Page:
When she was in the 6th grade talent show, she chose to play Edleweiss on her flute, while most of the other kids did the usual lipsynching to popular songs, or silly tricks, whatever. When Melody played her flute, there wasn't a sound in the room except for the sweet sounds of the flute. And I sat there with tears streaming down my face, tears of pride in her not just for her flute playing, but for her courage in attempting it in public for the first time. She went on to play the flute thru highschool, then it fell to the wayside, but I've never forgotten the feeling in those few minutes of time.

    When she was in highschool, one of her best friends was a guy that played piano, was even going to a local college to study under a master pianist. She'd been playing since her grandmother taught her in grade school thru when we moved in 1988, and did fairly well and enjoyed it. But when Scott would come over he would play for us, over and over at my request and receiving my praises, something happened in her to make her lose interest in her own joy at playing the piano. I think she forgot that she was playing for the fun of it, and let Scott's talent overshadow her to the point that she maybe lost confidence in herself. Whatever the reason, I think she's always regretted that she let whatever happened derail her. However, she's resurrected her interest and rusty memory in piano with her boys, and hopes to be able to at least spark a desire in them to learn.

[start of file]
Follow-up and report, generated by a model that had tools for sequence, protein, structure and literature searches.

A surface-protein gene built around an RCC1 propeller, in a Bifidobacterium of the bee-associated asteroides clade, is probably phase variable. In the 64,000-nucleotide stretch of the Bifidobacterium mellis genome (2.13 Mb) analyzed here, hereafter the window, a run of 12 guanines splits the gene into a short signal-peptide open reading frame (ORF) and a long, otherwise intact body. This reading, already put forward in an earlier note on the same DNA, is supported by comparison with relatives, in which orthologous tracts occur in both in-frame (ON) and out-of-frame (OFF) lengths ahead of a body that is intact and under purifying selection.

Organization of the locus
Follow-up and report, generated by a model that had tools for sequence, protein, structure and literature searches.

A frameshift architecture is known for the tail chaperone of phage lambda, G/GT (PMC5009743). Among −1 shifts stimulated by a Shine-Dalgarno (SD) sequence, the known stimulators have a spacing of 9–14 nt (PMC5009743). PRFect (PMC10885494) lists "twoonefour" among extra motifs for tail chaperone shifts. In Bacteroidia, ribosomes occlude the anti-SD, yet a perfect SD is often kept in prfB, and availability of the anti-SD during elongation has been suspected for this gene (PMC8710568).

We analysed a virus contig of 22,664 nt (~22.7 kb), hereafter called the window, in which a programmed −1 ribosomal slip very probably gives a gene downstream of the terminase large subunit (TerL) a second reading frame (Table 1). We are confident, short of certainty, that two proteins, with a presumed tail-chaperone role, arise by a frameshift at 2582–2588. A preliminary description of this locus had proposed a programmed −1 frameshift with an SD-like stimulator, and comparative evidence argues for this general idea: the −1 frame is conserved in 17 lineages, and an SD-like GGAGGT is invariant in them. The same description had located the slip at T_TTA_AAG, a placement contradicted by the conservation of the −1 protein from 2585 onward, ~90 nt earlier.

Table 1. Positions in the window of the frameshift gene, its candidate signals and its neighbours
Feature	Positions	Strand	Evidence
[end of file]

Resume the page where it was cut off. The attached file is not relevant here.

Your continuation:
2. What a great story and what a great feeling when our children's talent surpasses our dreams. I think Terrence was lucky to have a great dad who delighted in his talent, even when it surpassed his own.

    What a great story. Thanks for sharing it with us.


  3. I am reminded of the time I was in Army Basic Training. I was walking guard duty on the perimeter of our company grounds when one of the training Sergeants came up and asked me if I wanted to go to West Point. I actually said, "No." One of the most prominent deciding points I can recall.

    Your excellent writing underscores an important theme I have found. Life is made up of "profound trivialities." You illustrate the concept very nicely. Little things add together to make our very lives.

    What if I had said, "Yes?" Hmmm.

  4. I reckon I would've misted up myself. Good drumming does that to me. I reckon you could've helped out North Dakota State's drum line no end.

    Marvelous story of a father passing something on to his son - and his son actually caring.